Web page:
Bobby Genovese, Others Provide Travel Destinations for the Modern Era

Modern travel is shifting gears.  Gone are the days of travelers booking a hotel on the beach to recharge; here to stay are trips taken as a necessary vehicle to find ourselves and those answers to the important questions that we all have about life.

A rising number of travel agents are now helping clients personalize their vacations to regroup and work on the frustrations they feel in their daily lives. This can encompass a range of personal issues including strengthening family relationships, improving work-life balance, or overcoming a midlife crisis.  It is not unusual to use travel as a “time-out” from daily life and as an alternative way to improve mental health.

David Prior, who promotes travel-as-therapy, is providing a respite from life with his members-only travel club.

“So many of our early clients came to us looking for a total reboot,” Prior says. “And our answer for that is to go way beyond the spa and the hiking vacation—to skip the five-day boot camp resorts and do something far more creative and meditative.” Learning a new skill in its place of origin, he says, is a particularly good strategy. “It’s the idea of using your hands to get out of your head.”

On the same wavelength is serial entrepreneur Bobby Genovese. He’s been buying, running, and selling businesses for more than three decades. Among his companies is a luxury vacation property venture he founded back in 2012.

For his clients that need a sabbatical, Genovese explains: “The idea behind the properties is that a family or a group of friends can go, and wherever the destination, they can live an unbelievable experience, be serviced to the nines and have the best time ever.”

A lifelong equestrian and champion polo player, Bobby Genovese wanted to create a vacation destination that would appeal to people who share his love of horseback riding. For this reason, he established Ocala Ranch for those who simply enjoy saddling up and hitting the trails.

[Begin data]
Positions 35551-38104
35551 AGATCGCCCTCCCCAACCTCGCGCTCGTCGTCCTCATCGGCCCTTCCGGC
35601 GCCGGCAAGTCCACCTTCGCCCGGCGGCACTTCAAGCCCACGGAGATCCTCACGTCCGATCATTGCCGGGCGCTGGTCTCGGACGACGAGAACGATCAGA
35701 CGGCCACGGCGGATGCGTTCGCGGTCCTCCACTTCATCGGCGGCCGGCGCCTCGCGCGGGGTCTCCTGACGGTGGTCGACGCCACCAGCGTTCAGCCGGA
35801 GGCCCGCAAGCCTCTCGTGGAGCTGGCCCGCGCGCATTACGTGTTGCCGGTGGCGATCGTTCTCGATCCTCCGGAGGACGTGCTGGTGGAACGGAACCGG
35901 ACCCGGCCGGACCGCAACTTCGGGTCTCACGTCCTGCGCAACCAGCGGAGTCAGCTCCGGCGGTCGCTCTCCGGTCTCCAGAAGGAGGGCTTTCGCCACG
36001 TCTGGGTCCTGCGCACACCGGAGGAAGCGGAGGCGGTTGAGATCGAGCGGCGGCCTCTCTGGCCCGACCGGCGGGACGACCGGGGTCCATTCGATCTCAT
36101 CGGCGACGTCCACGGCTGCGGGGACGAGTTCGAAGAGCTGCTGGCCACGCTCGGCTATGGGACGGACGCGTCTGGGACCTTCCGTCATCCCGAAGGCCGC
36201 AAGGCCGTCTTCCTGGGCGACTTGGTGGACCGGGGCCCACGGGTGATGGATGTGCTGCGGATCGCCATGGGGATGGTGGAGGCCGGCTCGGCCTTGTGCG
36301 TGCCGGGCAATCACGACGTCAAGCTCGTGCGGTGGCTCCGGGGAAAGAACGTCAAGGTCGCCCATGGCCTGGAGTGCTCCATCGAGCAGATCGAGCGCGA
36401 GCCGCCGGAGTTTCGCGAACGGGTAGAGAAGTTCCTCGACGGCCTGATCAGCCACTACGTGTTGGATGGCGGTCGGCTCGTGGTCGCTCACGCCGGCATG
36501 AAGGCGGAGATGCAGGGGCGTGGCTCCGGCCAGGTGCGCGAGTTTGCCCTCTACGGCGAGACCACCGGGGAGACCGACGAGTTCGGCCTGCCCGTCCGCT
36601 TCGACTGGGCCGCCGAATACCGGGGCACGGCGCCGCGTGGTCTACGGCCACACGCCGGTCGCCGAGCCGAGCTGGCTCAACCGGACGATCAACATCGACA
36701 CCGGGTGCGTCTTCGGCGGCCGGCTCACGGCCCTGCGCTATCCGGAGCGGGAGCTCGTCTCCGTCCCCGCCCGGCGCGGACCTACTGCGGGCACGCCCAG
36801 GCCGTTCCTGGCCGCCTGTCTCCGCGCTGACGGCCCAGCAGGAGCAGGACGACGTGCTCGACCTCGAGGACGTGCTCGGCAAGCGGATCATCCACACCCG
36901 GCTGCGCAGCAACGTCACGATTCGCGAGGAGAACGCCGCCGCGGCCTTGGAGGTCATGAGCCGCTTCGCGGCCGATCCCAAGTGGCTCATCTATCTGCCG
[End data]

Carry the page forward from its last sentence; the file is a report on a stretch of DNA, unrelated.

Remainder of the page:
“Engulfing yourself in nature is an ideal way to regroup and to find the answers about life that you are looking for,” says Genovese.

Unlike traditional vacations, modern travelers are booking trips based on what they want to learn—not where they want to go.

“I’ve been traveling this way for myself for many years,” explains Tom Marchant, co-founder of the luxury travel club Black Tomato. “The most valuable things that I’ve brought back from my travels are the lessons that I’ve been able to apply from other communities into my daily life.”

He created Bring it Back, a diverse collection of mission-driven itineraries that travelers can custom-tailor based on personal goals and challenges.

“I constantly see people wrestling with frustrations that they need to unpack, and they just don’t feel like they have the time,” Marchant says. “There’s nothing wrong with using your travels to recharge on the beach, but they can also be a brilliant vehicle to find those answers to the fundamental questions that we all have.”

The path to finding your purpose can be a challenge, but it is also unique to every individual. Whether you plan a 3 month trip to backpack across Europe or a week on a remote island, travel may be the best medicine for self-discovery.

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